On Wed, Dec 23, 2015 at 3:08 PM, Jim Nasby <jim.na...@bluetreble.com> wrote:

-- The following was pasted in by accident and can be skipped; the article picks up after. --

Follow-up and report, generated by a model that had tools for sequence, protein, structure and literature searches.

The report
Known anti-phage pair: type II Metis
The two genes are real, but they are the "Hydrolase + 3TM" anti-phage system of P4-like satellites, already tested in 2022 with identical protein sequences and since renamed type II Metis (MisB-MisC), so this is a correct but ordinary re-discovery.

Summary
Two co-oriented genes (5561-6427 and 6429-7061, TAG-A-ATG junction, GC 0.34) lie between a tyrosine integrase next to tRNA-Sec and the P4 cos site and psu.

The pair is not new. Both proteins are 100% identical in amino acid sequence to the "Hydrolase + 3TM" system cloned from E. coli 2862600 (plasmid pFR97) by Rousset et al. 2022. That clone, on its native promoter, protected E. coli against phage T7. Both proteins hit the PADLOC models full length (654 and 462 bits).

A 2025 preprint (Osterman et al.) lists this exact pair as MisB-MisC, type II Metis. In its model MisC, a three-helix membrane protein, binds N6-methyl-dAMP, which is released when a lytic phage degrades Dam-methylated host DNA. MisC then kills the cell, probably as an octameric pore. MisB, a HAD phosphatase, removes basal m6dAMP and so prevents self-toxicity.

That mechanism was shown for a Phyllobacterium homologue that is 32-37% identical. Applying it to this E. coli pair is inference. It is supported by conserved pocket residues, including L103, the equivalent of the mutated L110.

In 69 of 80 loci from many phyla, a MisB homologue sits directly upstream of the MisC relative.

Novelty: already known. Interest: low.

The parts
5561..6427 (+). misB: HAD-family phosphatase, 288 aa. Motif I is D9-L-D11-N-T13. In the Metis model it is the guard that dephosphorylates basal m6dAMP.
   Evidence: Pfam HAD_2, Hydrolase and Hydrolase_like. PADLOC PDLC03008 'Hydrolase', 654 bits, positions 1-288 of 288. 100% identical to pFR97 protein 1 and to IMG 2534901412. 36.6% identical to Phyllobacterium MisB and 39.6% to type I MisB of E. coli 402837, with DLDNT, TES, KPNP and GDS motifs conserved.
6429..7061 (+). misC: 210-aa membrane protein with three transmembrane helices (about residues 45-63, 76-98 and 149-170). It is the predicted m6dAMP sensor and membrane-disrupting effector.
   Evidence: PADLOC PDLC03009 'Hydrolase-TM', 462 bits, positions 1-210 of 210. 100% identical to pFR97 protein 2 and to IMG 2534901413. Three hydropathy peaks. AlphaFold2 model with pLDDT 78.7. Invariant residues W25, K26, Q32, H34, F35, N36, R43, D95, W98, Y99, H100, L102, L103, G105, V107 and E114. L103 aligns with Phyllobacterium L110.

> On 12/23/15 12:15 PM, Corey Huinker wrote: > >> That's fair. I'm still at a loss for how to show that the fetch size was >> respected by the remote server, suggestions welcome! >> > > A combination of repeat() and generate_series()? > > I'm guessing it's not that obvious and that I'm missing something; can you > elaborate? > -- > Jim Nasby, Data Architect, Blue Treble Consulting, Austin TX > Experts in Analytics, Data Architecture and PostgreSQL > Data in Trouble? Get it in Treble! http://BlueTreble.com > I'll try. So the basic test of whether the FDW respected the fetch limit is this: 1. create foreign server using postgres_fdw, create foreign table. 2. run a query against that table. it works. great. 3. alter server set fetch size option to 101 (or any number different from 100) 4. run same query against the table. the server side should show that the result set was fetched in 101 row chunks. 5. alter table set fetch size option to 102 (or any number different from 100 and the number you picked in #3) 6. run same query against the table. the server side should show that the result set was fetched in 102 row chunks. The parts marked  are the problem...because the way I know it works is looking at the query console on the remote redshift cluster where the query column reads "FETCH 101 in c1" or somesuch rather than the query text. That's great, *I* know it works, but I don't know how capture that information from a vanilla postgres server, and I don't know if we can do the regression with a loopback connection, or if we'd need to set up a second pg instance for the regression test scaffolding.